Wimbledon BookFest Partners with the Lahore Literary Festival
A new partnership between Wimbledon BookFest and the Lahore Literary Festival will bring a strand of events celebrating South Asian voices to this year’s festival.
Festival Director Fiona Razvi drew on her own heritage to forge unique links between BookFest and the prestigious Lahore Literary Festival, which takes place annually in the Punjab, Pakistan.
The LLF strand at Wimbledon BookFest includes memoir, food, history and architecture events:
New Generation Thinker and British Academy Book Prize for Global Cultural Understanding nominee Nandini Das discusses her ground-breaking history of British colonialism in India.
Author and Middle-Eastern specialist Diana Darke traces the Islamic and Arab roots of Europe’s architectural heritage.
Broadcaster Aasmah Mir and designer Osman Yousefzada come together to discuss the joys and challenges of growing up between British and Pakistani cultures.
Chef Ravinder Bhogal on her latest book Comfort & Joy and the recipes inspired by her mixed heritage.
Booker Prize shortlisted writer Mohsin Hamid, author of the critically acclaimed The Last White Man, will join BookFest from Pakistan for a live streamed event discussing the novel. The Last White Man was selected as the inaugural Merton Big Read with 500 free copies of the book distributed to residents across the borough.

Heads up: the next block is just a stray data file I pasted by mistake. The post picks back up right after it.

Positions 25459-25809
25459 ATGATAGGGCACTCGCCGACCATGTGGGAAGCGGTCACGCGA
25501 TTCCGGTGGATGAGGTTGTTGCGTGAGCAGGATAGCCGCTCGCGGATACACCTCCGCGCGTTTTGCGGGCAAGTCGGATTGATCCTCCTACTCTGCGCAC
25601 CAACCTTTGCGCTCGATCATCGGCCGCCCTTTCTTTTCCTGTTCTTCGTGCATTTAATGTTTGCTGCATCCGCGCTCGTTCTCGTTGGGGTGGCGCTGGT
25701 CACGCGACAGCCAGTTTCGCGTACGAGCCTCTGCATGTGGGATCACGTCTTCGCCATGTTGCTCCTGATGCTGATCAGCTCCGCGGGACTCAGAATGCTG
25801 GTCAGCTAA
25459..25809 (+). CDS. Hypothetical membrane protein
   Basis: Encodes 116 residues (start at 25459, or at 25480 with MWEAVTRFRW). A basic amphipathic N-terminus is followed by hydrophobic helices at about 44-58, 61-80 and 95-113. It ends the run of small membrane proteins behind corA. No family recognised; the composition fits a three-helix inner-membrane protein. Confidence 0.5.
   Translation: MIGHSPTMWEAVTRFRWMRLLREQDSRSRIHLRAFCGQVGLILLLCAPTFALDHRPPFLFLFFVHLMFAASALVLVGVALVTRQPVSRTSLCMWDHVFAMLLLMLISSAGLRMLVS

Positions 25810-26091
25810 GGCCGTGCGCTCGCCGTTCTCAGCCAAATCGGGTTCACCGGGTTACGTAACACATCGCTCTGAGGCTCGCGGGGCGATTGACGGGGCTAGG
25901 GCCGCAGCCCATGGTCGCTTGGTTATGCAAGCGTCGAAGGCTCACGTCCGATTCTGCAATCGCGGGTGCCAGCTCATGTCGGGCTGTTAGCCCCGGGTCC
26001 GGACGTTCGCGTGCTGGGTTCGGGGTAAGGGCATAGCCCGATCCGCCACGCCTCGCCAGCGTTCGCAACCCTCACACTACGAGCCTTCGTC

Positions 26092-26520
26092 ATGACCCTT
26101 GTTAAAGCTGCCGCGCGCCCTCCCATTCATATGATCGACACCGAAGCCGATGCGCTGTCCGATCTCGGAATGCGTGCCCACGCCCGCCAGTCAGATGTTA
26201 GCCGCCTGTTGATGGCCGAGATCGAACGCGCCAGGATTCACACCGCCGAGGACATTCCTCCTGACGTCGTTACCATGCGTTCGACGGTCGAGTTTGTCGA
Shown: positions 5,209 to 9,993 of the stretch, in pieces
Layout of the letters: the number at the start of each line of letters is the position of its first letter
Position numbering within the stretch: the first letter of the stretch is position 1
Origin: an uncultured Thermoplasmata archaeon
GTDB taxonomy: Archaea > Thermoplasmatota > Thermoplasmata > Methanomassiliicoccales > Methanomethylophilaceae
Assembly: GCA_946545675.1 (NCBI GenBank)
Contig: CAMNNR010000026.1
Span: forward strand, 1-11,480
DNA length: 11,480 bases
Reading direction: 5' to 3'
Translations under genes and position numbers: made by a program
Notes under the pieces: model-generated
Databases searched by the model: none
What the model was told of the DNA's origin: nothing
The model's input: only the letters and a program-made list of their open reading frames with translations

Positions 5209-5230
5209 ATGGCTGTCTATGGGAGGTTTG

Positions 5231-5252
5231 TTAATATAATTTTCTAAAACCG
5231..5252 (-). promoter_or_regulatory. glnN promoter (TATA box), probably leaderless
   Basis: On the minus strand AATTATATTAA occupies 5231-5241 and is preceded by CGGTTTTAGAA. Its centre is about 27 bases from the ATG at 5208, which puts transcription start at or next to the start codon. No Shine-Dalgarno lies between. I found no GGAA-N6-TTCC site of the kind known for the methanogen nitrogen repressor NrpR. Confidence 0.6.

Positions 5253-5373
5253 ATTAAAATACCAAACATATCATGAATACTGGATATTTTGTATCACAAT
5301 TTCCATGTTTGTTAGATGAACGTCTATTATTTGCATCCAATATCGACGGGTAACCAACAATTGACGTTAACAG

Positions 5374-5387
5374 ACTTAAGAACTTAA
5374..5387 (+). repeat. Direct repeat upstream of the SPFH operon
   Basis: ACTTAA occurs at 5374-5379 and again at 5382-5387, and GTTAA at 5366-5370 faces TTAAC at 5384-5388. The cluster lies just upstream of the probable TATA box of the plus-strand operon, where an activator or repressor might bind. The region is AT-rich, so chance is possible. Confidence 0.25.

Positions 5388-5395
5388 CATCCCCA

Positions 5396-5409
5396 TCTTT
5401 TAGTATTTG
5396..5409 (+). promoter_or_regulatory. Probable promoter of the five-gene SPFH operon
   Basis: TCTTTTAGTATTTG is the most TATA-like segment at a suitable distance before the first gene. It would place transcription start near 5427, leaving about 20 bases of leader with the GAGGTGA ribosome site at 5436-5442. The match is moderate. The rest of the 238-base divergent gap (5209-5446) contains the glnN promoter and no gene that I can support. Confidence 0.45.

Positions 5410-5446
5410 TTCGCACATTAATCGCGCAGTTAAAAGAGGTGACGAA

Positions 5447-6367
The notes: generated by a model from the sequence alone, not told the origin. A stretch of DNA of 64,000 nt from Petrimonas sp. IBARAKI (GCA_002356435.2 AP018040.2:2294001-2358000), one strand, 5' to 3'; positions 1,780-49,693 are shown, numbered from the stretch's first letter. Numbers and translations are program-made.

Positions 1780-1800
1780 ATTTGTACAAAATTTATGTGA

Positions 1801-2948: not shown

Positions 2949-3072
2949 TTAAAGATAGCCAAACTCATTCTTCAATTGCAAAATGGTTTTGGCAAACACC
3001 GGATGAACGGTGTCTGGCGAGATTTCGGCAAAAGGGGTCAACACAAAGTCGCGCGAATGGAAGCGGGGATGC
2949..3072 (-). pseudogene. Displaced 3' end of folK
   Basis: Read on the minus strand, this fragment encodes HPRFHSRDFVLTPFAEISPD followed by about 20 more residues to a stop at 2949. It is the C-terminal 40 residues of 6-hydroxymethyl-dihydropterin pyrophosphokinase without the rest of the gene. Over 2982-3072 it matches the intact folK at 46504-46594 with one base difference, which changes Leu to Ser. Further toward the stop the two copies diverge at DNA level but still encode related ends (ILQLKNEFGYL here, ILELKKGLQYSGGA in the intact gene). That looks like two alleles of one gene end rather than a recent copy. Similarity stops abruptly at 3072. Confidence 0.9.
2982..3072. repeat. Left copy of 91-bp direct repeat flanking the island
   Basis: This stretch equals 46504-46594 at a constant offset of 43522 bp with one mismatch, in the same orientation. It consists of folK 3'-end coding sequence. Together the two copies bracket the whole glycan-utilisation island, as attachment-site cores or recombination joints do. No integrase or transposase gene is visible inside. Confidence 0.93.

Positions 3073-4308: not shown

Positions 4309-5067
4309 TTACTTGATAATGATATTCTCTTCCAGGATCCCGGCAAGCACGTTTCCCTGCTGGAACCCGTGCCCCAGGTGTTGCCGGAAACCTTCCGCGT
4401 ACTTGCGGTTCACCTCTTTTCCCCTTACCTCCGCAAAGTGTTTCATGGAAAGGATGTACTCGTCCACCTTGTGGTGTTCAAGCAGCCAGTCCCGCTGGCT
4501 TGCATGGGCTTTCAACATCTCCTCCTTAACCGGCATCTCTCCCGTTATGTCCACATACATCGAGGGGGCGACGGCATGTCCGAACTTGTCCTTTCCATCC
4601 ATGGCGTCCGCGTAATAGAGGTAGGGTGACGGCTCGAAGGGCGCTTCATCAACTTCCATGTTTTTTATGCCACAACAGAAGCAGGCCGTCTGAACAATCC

Wimbledon BookFest Director Fiona Razvi said, ‘Working with the Lahore Literary Festival is an exciting new stage in BookFest’s commitment to sharing stories and building connections across borders. The LLF is one of South Asia’s premier cultural events and we are thrilled to be working alongside them to celebrate and amplify the voices of South Asian heritage.’
Razi Ahmed, Founder and CEO of the Lahore Literary Festival said: ‘We are delighted to be partnering with the Wimbledon Book Festival to connect our two wonderful festivals that aim for more diversity, inclusivity and foregrounding big ideas. This year at the Wimbledon Book Festival, we co-present sessions that evoke the spirit of Lahore through conversations on race, assimilation, architectural legacies, identity and gender and will be further broadening this rich repertoire annually as we embark on this exhilarating journey of more Pakistani and South Asian writers speaking in Wimbledon and the South Asian diaspora and British writers showcased in our Spring 2024 program in Lahore. Together with Fiona Razvi and her team, we will work during the coming years on a more culturally integrated and interconnected series bringing Asia and Britain closer.’